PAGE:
Saturday, June 02, 2007

The modern world

I've just finished reading the classic book by Alvin Toffler, Future shock. I read it because it seems to be increasingly quoted, perhaps due to a refreshed belief that our culture and society are speeding up to a point where we've reached the peak and things are changing in a major way. I dunno if that's just hype, or ego (of course it would be for us that things are different), but it was an interesting read nonetheless.

The future predictions were fun - apparently we should all be living under the sea by now, and why did that idea go away anyway? - but there was one big, nasty weakness in the book. It seemed that Mr Toffler didn't ever consider the impact of women's liberation. Throughout the book he refers to women only as wives and mothers. The impact of women in the workplace never occurs to him. Nor does the concept of an increasingly large number of women in affluent societies choosing to remain single and / or childless. At one point he talks about how women are more proactive in making connections when entering a new neighbourhood, or when welcoming someone new to the neighbourhood, but that's the only thing they have to offer. And that kind of pissed me off.

But apart from that I enjoyed finding out how many of our current concepts stem from this book. The concept of information overload, which we are all WELL familiar with, came from here. And I often found myself wondering what Mr Toffler would think of web 2.0, with it's online social structures combining with intense individuality. I think he would have been impressed.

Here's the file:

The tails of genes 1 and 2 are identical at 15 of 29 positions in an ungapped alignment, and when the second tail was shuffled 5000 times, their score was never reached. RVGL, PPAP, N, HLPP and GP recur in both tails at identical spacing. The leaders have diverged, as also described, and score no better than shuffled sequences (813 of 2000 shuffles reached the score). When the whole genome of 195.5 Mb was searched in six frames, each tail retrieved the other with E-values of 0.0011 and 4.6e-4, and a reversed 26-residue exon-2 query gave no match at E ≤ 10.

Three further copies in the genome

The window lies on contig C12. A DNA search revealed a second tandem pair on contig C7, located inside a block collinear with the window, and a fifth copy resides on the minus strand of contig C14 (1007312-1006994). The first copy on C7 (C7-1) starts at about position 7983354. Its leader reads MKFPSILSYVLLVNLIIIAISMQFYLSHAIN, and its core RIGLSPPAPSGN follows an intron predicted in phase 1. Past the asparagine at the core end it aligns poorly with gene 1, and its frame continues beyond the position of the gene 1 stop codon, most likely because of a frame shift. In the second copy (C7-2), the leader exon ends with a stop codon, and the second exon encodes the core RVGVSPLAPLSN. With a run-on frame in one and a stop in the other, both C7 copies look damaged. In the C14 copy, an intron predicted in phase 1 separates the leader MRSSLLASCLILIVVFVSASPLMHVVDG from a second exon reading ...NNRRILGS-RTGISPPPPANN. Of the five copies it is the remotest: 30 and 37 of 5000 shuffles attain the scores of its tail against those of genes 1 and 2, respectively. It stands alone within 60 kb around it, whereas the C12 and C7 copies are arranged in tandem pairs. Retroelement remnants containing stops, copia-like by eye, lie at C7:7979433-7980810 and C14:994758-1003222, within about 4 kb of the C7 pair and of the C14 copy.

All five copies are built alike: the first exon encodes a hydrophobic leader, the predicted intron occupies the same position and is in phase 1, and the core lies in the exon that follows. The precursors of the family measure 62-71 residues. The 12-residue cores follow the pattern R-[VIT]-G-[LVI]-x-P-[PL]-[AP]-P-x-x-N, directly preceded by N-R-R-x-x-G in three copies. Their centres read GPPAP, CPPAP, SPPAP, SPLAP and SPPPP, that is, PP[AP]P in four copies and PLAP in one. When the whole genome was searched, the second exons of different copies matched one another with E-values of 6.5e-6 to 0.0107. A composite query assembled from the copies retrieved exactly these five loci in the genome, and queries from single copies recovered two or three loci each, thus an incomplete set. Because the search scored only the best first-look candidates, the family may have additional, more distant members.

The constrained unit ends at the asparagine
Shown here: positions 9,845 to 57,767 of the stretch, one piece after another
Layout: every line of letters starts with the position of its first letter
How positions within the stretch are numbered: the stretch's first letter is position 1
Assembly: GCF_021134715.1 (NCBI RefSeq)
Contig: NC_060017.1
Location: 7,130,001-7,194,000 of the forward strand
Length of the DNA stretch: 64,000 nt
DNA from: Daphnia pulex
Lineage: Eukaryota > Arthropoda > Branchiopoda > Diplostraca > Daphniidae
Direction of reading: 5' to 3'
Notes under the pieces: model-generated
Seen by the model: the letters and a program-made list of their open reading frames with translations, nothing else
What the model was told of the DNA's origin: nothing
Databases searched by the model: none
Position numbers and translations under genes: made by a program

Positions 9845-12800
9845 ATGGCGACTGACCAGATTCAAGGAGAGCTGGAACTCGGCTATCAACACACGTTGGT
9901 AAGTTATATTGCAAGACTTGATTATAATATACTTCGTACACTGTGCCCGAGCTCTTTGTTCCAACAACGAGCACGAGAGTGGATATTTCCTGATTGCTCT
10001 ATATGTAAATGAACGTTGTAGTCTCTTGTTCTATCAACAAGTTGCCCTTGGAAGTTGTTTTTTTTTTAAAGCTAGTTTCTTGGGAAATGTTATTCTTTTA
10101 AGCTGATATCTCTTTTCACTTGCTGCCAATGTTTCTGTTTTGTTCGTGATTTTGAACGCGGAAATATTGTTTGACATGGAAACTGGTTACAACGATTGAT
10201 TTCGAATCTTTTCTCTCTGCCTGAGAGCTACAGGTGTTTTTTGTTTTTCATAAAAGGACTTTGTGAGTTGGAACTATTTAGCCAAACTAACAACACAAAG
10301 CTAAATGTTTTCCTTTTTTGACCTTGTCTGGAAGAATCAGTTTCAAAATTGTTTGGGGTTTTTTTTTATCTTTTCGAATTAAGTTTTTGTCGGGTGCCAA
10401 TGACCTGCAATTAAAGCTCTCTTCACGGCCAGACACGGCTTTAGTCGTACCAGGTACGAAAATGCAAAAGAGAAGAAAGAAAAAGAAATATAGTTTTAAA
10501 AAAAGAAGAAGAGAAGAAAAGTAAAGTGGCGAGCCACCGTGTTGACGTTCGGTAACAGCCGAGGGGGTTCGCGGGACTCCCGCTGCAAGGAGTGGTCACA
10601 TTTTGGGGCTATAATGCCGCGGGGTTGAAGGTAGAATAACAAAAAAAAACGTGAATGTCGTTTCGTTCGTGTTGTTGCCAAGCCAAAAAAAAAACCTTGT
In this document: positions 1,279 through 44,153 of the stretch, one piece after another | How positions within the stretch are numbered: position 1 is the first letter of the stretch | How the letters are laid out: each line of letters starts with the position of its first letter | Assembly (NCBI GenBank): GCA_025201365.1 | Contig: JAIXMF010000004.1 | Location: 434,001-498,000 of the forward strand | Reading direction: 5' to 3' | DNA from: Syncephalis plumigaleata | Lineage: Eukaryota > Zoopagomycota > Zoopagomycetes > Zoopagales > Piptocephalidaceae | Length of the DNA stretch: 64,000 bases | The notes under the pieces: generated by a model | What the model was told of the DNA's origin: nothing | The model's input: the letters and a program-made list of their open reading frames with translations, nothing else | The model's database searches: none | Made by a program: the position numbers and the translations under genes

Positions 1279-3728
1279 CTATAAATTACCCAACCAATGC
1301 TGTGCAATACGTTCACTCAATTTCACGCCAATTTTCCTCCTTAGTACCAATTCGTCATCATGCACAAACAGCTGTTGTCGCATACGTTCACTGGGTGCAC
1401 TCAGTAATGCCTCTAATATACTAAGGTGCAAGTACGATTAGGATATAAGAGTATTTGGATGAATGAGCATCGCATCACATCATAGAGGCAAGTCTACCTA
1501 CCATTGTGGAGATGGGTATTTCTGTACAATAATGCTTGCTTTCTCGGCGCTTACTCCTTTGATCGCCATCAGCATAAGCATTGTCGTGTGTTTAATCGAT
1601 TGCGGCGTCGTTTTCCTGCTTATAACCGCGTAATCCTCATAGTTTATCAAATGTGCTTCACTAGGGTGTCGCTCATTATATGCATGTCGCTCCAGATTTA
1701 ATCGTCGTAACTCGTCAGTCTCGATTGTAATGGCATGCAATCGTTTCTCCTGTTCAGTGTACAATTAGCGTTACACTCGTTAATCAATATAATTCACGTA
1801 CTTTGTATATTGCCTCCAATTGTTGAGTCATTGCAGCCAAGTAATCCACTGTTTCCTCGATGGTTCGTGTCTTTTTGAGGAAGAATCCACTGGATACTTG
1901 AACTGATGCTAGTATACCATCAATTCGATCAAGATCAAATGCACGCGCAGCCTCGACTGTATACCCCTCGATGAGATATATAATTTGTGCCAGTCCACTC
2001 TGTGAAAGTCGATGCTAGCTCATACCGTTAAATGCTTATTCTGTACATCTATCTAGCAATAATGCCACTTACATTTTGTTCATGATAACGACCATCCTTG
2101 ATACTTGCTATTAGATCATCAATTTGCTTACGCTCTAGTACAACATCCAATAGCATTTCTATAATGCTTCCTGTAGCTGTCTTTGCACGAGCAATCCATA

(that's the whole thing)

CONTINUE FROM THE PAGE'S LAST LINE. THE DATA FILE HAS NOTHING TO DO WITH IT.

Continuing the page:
Ooo, I had a fun "this internet thing is cool" moment the other night. One of my favourite websites for some years has been Television Without Pity. A friend pointed me to it during the Buffy heydey, and I gleefully read the recaps for each episode, and heartily agreed when they came up with the name Shiny McWhiney for Dawn. There was a strange moment in the last series of Veronica Mars when in the background of an episode a poster advertised an event by a group who's initials were prominently displayed as TWOP, and I did wonder whether there was some referencing loop happening there (and eventually found out that yes, it was done on purpose), but when a character on My Name is Earl actually mentioned the website's forums the other night, ooo I was a happy camper! It was like my little thing got famous, even though it wasn't mine at all. But it did demonstrate the loop between television and internet that has developed of late, and I think it's fun.

So, on that note, I'm off to TWoP to read the latest Survivor recap and hope I don't accidentally find out who won, damn internet and it's spoilers!

p.s. I just discovered that Blogger's spellcheck doesn't allow "internet" (it wants to capitalise the I) but does offer as an alternative "Internets". Really? The Internets? I'm having a Ted Stevens moment (do read the second part of that post, it's a classic)

1 comment:

Fiona Bradley said...

I had occasion to send our library director the Wikipedia page on Stevens' Series of Tubes the other day, and I felt like the geekiest employee evar.

I followed the Stevens' thing though the Daily Show and I really truly did laugh my ass off every time they mentioned it.

Sorry if this turns up like 8 million times.